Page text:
However, India, having to deal with Pakistan’s terrorism, Bangladeshi illegal immigrants, Taliban takeover in Afghanistan, Covid-19, and other factors, is not looking to meddle in Myanmar’s internal matters. India supports Aung San Suu Kyi and her party, but given the cruelty and harsh nature of the junta regime, it is not likely that Aung San Suu Kyi and her party is going to make a popular comeback anytime soon.

Written by – Himadri Paul

Summer Retreat Hill Stations in India

Hill stations have been popular in India since ancient times due to the presence of shrines and religious places, as well as for scenic beauty. During British rule, some of the hill stations near important cities in India got a new lease of life. The British could not tolerate the heat in India during the summer season. Hence the Government officials and civilians retreated to the hills for a vacation during summer. Some of them even today bear signs of colonial rule, and Victorian buildings, mountain railways, and malls.

Today, as modern transportation has increased, and the ability of people to afford frequent vacations, summer tourism in the hills has increased many fold. Let us look at the summer hill stations that are popular in India since the times of British rule.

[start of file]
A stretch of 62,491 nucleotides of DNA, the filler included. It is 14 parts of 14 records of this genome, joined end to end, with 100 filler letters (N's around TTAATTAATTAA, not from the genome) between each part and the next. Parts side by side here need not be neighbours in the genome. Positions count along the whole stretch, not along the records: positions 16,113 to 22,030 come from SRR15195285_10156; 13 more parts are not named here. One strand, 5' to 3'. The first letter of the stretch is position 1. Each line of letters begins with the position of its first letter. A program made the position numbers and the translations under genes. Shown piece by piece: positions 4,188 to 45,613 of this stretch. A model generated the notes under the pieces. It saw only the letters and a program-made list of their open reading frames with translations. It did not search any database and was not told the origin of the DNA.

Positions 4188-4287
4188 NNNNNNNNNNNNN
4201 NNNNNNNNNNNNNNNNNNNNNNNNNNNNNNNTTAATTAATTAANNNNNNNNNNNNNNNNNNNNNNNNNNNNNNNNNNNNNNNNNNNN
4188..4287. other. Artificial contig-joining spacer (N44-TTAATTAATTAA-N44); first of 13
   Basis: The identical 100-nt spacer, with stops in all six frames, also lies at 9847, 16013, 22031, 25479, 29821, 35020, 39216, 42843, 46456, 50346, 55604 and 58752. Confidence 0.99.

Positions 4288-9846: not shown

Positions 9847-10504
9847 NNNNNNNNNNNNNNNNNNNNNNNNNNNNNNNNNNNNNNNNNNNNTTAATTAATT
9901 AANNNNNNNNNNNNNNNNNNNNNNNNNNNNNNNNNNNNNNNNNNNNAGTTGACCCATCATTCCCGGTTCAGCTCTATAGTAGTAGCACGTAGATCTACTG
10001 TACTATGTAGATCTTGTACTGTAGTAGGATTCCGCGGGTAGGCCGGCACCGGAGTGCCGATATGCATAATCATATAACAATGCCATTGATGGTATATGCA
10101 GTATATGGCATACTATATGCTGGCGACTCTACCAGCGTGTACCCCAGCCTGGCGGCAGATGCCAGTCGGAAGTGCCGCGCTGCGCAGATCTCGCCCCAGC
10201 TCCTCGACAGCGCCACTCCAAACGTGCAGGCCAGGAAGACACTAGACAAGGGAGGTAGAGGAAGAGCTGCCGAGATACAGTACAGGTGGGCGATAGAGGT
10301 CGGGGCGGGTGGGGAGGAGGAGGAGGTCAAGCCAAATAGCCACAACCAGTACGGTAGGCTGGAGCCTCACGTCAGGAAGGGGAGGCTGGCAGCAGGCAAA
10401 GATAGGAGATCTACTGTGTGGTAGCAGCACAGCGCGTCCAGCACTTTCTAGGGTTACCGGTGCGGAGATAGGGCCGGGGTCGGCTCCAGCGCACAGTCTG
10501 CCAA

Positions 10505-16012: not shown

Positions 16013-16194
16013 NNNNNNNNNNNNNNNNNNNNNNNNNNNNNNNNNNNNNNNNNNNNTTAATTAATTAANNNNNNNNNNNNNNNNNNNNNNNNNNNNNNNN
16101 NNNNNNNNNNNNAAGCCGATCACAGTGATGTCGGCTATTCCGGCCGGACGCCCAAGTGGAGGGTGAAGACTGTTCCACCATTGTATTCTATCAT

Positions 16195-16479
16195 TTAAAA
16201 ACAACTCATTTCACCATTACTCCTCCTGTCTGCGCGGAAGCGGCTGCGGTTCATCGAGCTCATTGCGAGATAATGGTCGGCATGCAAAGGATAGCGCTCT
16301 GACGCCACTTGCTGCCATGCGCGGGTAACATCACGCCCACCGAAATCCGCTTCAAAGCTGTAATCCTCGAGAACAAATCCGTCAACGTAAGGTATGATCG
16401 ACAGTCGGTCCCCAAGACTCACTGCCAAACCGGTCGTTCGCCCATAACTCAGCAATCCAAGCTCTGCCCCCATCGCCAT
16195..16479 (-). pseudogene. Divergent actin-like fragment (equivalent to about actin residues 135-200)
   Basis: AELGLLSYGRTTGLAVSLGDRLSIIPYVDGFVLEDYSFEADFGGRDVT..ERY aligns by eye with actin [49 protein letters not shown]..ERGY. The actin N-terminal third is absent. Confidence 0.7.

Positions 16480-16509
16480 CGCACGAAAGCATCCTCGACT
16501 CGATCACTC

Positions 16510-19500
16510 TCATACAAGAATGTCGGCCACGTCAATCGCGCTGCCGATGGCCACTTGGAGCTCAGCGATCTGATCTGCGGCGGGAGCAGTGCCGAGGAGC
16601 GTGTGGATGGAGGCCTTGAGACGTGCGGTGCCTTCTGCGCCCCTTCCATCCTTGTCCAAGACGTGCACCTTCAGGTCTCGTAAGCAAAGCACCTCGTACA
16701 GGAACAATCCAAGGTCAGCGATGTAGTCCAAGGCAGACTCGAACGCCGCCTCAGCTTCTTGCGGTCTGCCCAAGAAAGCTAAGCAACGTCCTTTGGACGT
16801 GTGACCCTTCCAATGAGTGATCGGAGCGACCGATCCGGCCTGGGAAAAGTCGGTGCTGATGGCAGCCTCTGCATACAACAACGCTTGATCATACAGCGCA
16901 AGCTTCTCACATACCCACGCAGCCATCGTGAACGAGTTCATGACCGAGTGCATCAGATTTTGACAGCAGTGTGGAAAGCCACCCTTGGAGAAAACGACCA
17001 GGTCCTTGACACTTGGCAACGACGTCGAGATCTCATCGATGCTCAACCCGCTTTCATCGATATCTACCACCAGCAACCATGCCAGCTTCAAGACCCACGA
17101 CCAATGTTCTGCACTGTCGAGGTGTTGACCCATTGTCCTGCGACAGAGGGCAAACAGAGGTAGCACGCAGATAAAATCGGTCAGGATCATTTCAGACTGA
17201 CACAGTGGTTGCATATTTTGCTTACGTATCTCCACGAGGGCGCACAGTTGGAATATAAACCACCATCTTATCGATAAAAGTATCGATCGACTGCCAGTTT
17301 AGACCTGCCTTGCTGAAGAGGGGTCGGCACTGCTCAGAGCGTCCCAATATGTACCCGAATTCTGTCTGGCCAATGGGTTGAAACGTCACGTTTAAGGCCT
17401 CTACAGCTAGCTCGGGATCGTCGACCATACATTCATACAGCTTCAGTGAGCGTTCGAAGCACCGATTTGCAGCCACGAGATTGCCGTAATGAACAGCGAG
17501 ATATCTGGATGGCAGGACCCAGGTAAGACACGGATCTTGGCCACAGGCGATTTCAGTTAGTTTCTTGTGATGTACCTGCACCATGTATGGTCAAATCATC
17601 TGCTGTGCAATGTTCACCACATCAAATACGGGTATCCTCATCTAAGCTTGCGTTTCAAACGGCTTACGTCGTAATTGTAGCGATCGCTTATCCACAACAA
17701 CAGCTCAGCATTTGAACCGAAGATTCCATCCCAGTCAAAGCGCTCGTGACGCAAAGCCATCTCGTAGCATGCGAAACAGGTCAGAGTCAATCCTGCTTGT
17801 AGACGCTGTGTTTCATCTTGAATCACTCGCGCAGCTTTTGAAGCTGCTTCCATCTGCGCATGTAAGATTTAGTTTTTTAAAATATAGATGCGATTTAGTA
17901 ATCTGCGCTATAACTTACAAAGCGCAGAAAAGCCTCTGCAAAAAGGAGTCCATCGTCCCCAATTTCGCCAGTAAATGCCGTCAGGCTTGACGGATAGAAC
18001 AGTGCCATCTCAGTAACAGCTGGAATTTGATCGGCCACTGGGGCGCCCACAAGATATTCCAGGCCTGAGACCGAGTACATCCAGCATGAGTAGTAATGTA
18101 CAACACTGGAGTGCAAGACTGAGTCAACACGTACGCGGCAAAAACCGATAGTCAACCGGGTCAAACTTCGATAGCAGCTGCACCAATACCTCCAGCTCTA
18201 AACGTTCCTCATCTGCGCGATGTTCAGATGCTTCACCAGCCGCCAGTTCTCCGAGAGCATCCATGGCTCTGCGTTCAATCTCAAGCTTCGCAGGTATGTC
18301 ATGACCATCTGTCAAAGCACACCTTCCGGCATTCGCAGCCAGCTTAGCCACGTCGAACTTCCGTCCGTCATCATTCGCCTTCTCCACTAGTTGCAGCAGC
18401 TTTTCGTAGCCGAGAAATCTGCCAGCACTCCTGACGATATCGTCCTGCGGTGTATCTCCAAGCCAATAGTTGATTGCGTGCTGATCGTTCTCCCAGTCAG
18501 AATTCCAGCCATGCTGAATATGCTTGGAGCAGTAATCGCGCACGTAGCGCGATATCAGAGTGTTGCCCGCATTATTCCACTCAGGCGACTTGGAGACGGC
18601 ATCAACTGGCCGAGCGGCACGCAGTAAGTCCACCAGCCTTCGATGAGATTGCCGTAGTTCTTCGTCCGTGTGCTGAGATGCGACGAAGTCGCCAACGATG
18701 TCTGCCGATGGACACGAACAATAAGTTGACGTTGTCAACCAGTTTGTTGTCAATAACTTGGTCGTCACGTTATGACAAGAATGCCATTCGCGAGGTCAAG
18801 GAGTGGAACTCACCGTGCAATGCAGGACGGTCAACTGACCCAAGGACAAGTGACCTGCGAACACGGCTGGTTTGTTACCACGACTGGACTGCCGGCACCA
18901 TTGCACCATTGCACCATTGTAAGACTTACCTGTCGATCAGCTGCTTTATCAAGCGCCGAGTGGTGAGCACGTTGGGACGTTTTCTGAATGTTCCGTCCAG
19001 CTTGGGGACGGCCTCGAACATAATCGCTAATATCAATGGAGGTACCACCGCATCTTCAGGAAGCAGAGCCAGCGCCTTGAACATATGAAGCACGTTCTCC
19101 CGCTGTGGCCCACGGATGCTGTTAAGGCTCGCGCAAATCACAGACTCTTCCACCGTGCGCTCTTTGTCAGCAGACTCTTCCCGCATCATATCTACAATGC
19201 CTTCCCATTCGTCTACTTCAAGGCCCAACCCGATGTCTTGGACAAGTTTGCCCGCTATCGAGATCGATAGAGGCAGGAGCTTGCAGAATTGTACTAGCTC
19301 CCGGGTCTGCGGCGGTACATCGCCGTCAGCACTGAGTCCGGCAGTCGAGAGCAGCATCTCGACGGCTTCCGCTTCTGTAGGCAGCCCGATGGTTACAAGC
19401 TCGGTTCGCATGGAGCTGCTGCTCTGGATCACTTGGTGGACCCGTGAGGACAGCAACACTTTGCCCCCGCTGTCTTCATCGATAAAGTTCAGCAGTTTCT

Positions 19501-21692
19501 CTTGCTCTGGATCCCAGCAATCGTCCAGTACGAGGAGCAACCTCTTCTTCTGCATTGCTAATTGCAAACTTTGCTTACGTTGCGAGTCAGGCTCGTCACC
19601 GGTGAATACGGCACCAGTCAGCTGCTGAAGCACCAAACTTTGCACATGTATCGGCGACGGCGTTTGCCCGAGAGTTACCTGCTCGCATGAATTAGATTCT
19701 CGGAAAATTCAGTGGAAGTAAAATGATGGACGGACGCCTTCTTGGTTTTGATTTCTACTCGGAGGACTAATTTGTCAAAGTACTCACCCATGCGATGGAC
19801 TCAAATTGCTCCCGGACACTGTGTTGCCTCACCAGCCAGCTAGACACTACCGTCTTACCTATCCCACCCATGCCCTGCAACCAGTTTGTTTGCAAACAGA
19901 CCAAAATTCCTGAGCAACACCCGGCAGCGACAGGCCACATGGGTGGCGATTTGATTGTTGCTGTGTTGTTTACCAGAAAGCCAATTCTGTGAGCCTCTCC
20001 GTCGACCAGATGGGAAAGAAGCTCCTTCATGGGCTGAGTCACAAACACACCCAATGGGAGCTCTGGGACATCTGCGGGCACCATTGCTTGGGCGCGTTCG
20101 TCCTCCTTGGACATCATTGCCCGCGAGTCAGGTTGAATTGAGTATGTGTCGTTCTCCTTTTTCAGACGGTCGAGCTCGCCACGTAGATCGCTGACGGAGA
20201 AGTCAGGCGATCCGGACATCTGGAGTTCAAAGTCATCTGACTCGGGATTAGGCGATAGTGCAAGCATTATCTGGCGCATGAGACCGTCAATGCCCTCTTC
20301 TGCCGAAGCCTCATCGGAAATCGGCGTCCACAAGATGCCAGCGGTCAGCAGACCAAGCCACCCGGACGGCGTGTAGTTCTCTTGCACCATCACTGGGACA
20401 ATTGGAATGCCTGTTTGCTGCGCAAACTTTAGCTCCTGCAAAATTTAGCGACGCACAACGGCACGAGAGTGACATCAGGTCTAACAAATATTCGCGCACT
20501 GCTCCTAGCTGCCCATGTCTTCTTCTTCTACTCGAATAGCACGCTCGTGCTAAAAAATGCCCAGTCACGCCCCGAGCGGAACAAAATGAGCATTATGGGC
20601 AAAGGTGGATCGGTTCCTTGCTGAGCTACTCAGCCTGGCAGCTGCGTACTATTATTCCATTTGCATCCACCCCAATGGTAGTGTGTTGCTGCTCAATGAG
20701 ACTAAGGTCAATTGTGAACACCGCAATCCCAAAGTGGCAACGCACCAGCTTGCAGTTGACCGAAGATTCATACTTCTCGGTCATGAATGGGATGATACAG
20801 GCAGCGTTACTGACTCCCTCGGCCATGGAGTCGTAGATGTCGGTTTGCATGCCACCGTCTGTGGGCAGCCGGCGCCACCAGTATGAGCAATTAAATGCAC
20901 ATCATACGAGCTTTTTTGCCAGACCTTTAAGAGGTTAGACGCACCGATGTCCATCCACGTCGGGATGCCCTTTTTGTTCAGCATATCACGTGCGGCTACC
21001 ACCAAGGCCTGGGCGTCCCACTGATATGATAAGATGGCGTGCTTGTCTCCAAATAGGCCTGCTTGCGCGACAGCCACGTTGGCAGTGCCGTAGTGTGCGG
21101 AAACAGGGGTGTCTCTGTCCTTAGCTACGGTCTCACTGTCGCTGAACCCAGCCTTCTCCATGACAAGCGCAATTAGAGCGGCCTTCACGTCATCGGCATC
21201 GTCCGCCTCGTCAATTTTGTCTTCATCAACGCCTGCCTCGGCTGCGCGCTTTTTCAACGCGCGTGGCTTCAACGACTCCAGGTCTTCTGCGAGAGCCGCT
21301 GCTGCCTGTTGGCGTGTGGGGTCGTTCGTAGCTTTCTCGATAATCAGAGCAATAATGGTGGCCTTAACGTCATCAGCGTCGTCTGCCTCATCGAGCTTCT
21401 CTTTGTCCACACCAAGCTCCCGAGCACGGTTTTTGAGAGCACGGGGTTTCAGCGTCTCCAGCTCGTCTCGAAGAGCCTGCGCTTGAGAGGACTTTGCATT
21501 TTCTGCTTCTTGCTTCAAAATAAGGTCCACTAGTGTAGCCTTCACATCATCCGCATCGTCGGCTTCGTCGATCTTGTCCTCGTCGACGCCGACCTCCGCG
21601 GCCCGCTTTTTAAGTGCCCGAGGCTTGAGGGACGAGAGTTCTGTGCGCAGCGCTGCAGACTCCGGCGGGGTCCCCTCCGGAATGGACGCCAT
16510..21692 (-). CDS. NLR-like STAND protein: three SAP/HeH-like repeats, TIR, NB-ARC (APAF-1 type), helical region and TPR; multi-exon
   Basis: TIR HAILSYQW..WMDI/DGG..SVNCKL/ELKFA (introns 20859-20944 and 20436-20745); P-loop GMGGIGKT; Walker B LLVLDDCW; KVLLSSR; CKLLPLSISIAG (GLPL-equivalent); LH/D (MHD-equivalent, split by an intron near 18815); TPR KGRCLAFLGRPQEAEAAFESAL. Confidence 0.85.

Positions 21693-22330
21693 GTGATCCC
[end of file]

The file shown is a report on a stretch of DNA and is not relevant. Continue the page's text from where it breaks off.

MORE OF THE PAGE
1)Darjeeling :

Tea Gardens, Darjeeling

Darjeeling is the most popular retreat of the Bengali people living in the plains in Kolkata, Siliguri, Asansol and other towns. Darjeeling and it’s surrounding Kurseong and Kalimpong areas developed during the British rule as the retreated from Kolkata during the heat of summer. The Darjeeling toy train, a UNESCO World Heritage Site, is still popular among the locals and tourists alike, and is run by a steam engine. The route contains the Ghum railway station, the highest in the entire India. The tea gardens, the orange orchards, and shopping in the colonial mall are a must see in Darjeeling.

2)Shimla :

Shimla Kalka Train, Shimla

Shimla, the summer capital of Himachal Pradesh, is a bustling town, high up on the hills, near Delhi and Punjab towns. Since British rule, Shimla still is the most popular tourist destination near Delhi in any season. The colonial Christ Church, the ridge, the hilltops, the enchanted trails, and the Shimla Kalka railway line makes Shimla a perfect hill station. Not to forget, like the Darjeeling toy train, the Shimla Kalka train is also a UNESCO World Heritage Site.